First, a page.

How many times have you read or heard about something and thought, “Darn, why didn’t I think of that!” or, worst still, “Why didn’t I do something about that when I thought about it last year!”
Earlier this week, we received a letter from the American Rosie the Riveter Association, an organization of women who worked in the war effort of the second world war.
These women all have stories to tell, stories that are a part of our history.
Never before had American women worked so extensively in occupations that were heretofore viewed as strictly for men.
An estimated 18 million women across America pitched in, doing whatever they could to help win the war on the home front.
They worked in steel mills and foundries.
They toiled in lumber mills and aircraft factories.
They took their husbands’ places in their offices and businesses.
They practiced the healing arts in hospitals, doctor’s offices and in medic stations across the globe.
And when the war winded down and the men came home, so many of those women went right back to their homes, without proper thanks, honors or accolades for their hard work, determination and sacrifice.
The association is attempting to locate women in our area who worked in the WWII war effort.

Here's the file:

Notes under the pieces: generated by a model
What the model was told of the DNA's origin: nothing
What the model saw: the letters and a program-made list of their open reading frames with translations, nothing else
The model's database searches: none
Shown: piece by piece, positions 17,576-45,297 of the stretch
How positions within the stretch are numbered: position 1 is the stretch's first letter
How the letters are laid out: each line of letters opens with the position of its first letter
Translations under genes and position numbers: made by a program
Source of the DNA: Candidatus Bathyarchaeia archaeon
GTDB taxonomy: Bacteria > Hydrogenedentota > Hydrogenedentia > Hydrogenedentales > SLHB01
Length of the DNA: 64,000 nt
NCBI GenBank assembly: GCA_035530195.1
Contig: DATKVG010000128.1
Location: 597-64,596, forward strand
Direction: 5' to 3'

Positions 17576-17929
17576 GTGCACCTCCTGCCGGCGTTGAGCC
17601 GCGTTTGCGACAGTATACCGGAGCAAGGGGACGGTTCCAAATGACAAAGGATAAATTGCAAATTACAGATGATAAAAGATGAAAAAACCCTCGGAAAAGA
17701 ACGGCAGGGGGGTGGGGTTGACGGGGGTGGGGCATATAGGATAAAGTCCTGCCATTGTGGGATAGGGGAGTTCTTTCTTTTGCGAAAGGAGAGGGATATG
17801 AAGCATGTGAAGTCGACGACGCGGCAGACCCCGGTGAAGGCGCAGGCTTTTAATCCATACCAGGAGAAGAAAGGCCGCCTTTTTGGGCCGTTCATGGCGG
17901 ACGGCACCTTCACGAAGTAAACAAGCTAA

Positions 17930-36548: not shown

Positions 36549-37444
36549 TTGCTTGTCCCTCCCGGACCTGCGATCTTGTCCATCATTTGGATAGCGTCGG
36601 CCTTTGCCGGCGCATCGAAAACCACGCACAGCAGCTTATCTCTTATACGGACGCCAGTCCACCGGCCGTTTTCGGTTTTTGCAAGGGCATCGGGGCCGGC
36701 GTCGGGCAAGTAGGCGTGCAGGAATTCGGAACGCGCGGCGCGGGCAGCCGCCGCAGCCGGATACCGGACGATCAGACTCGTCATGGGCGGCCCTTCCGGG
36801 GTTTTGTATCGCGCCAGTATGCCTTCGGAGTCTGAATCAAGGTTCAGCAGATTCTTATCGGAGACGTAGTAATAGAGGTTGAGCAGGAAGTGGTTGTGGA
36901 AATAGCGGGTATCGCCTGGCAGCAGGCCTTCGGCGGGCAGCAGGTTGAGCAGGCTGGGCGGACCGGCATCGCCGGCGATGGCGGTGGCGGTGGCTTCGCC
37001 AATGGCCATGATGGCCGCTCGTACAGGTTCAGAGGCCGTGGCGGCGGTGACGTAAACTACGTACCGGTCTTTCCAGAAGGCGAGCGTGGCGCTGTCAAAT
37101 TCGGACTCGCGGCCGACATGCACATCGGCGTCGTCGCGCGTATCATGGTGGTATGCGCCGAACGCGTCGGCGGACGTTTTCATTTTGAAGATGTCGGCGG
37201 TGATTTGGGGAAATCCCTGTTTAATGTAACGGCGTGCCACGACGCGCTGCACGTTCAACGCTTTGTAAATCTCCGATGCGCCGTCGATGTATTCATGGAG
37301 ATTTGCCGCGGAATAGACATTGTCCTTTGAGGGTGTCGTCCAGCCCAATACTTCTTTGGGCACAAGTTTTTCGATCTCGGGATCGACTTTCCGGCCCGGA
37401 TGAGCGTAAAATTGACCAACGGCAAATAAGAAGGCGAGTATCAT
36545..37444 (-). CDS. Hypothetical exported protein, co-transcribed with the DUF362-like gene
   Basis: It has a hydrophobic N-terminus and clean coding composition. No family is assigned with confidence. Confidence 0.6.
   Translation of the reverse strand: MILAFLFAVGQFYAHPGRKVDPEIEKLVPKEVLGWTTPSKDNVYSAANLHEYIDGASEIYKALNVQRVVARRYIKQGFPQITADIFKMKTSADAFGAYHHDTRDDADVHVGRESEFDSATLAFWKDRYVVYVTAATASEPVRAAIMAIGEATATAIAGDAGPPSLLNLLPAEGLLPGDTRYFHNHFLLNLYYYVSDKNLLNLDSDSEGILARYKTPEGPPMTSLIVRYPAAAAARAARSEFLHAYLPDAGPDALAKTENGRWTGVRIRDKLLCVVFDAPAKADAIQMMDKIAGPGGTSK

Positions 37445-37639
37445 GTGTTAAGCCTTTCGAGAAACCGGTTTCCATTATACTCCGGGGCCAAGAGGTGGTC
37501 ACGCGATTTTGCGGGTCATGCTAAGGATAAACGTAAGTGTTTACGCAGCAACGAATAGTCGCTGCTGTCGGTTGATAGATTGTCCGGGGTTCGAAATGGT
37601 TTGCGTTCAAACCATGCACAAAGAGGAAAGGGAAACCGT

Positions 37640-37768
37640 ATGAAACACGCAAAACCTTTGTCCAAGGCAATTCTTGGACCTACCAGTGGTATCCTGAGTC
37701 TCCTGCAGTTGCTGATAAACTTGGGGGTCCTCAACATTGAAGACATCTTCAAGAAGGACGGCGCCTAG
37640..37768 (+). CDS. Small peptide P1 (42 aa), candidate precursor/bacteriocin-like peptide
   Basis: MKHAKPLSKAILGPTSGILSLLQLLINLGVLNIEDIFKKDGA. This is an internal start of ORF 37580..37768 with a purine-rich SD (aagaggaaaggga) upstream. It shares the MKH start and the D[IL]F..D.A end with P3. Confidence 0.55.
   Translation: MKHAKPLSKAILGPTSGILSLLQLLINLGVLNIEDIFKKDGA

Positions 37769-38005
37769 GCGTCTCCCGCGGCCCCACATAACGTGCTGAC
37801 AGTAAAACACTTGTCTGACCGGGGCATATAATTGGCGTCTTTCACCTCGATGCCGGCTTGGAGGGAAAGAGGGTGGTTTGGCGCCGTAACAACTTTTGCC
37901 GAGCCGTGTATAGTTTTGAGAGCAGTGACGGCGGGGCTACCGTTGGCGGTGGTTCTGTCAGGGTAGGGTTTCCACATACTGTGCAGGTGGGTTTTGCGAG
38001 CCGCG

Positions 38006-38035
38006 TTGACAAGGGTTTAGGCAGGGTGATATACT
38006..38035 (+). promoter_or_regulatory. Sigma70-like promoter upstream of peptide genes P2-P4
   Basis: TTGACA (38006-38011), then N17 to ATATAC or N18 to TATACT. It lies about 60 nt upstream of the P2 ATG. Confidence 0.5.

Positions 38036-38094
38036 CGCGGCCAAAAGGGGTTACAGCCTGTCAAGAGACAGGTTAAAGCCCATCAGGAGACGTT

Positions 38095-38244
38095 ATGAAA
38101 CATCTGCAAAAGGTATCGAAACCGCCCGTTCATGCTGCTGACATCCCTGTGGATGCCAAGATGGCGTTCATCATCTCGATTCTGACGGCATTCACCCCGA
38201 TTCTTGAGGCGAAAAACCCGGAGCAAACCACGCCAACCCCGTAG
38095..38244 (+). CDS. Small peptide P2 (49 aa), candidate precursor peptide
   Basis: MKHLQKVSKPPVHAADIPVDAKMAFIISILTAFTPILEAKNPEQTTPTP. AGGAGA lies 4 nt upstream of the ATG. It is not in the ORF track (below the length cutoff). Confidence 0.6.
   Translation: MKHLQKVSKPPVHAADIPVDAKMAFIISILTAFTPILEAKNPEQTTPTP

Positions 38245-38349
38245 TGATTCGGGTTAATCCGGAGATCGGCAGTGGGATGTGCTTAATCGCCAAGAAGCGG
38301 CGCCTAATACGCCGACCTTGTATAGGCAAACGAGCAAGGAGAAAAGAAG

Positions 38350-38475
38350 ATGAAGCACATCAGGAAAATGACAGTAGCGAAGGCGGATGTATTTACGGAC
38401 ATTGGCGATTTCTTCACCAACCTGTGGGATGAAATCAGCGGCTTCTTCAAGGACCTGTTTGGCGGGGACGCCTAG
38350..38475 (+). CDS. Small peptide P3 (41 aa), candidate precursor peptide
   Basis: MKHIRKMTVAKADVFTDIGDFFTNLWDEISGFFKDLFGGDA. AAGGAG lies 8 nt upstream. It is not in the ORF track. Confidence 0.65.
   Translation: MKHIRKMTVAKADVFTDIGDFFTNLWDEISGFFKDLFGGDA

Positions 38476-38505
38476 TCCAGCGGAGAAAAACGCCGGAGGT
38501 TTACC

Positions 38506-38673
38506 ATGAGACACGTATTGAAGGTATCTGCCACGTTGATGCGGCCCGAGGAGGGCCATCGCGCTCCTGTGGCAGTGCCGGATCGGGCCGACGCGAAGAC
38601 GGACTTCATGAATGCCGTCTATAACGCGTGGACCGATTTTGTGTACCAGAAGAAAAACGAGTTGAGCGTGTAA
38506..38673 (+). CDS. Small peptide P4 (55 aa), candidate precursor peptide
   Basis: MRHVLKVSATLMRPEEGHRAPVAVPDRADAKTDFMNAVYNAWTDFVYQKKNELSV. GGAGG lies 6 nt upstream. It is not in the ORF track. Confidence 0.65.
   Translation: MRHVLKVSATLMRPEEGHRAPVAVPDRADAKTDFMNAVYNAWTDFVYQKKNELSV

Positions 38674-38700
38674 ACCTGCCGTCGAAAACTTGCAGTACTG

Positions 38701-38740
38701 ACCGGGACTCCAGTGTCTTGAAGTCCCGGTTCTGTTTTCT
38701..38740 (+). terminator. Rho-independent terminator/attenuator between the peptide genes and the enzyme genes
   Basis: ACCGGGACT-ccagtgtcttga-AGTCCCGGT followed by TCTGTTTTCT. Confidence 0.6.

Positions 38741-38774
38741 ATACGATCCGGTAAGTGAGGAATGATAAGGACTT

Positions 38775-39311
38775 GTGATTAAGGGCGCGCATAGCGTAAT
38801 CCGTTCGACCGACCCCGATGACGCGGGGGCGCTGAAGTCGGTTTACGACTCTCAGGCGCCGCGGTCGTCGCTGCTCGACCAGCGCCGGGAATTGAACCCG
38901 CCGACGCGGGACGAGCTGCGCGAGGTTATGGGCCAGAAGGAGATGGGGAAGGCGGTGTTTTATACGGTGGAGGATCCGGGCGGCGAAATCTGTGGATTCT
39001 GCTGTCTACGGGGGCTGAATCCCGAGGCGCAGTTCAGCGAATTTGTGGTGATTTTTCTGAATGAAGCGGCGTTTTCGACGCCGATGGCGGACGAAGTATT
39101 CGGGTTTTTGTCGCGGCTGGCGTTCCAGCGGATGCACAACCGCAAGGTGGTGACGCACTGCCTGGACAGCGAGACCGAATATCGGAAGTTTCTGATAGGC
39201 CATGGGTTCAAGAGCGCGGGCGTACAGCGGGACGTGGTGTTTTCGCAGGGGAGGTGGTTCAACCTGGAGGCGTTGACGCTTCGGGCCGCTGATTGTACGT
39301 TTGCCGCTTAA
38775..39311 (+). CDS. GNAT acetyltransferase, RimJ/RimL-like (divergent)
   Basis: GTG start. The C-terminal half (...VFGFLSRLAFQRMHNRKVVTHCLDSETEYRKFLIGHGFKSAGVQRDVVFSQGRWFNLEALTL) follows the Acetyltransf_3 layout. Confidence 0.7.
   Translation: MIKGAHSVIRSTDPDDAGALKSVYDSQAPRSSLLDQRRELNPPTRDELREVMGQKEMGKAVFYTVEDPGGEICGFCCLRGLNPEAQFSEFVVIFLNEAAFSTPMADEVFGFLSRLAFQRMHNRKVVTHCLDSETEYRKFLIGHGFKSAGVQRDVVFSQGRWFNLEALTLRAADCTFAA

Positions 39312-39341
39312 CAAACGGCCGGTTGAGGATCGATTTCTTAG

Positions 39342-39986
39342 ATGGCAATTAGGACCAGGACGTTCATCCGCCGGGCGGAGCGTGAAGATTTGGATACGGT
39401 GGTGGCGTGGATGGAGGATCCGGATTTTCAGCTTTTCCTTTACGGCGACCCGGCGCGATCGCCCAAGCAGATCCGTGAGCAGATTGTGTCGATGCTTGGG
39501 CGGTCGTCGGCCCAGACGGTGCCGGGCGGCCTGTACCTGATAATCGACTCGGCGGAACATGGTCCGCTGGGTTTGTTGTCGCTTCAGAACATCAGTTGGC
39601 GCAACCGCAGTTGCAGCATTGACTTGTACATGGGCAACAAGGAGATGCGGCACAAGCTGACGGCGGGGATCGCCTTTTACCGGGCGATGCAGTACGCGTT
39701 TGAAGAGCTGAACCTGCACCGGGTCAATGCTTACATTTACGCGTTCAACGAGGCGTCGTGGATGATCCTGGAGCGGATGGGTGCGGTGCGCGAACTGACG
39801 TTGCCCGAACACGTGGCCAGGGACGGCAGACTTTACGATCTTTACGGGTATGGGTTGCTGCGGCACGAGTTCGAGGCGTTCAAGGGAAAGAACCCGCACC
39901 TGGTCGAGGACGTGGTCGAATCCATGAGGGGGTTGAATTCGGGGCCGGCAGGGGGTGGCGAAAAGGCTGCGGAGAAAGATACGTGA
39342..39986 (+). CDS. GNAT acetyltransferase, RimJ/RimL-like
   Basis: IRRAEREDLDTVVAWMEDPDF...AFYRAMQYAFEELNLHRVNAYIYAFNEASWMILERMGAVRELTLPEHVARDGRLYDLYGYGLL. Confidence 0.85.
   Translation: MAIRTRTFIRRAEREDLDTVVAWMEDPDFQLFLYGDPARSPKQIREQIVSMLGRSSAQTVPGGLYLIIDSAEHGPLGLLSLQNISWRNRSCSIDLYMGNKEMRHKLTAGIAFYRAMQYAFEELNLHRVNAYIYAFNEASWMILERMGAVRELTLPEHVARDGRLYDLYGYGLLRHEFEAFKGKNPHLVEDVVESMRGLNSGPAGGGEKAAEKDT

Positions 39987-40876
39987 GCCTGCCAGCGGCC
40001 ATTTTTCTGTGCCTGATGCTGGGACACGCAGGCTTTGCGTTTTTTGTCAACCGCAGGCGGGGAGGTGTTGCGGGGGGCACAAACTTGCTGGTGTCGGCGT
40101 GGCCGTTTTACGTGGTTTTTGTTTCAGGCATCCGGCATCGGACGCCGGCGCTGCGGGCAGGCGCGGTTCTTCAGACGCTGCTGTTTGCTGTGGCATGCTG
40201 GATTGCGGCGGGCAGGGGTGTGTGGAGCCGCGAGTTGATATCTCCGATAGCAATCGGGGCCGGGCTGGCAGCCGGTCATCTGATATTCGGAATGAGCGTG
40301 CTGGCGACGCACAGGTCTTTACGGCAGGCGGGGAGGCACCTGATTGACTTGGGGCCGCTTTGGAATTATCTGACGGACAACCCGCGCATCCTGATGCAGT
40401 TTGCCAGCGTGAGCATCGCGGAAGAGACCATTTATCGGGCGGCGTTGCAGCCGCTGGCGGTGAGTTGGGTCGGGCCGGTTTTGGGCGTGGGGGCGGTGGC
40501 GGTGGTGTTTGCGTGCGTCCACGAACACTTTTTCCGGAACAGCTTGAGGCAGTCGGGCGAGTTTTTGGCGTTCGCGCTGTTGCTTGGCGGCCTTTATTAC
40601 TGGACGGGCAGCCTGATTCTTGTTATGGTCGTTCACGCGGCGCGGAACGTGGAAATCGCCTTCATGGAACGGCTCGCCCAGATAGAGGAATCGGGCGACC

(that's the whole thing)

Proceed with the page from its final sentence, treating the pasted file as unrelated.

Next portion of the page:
We’d like to locate them, too.
We want them to cooperate with the broader, RTR Association effort at recording their stories for posterity.
But, we would also like to share these stories with our readers.
Please let us hear from you.
On a related topic, we have reproduced, on our front page, the poster used to encourage women to work outside the home during WWII.
This image, commissioned by the U.S. War Production Coordinating Committee and created by artist J. Howard Miller, is the one most associated with the phrase “Rosie the Riveter.”
She was meant to represent the ideal female worker and to help fill the temporary industrial labor shortage caused by the combination of fewer male workers (due to the draft and/or enlistments) and greatly increased production of military equipment and supplies.
Contrary to some thinking, Rosie was not supposed to promote change or enhance the role of women in society and the workplace.
Thankfully, that change did come, but Rosie is not the symbol some like to claim she is.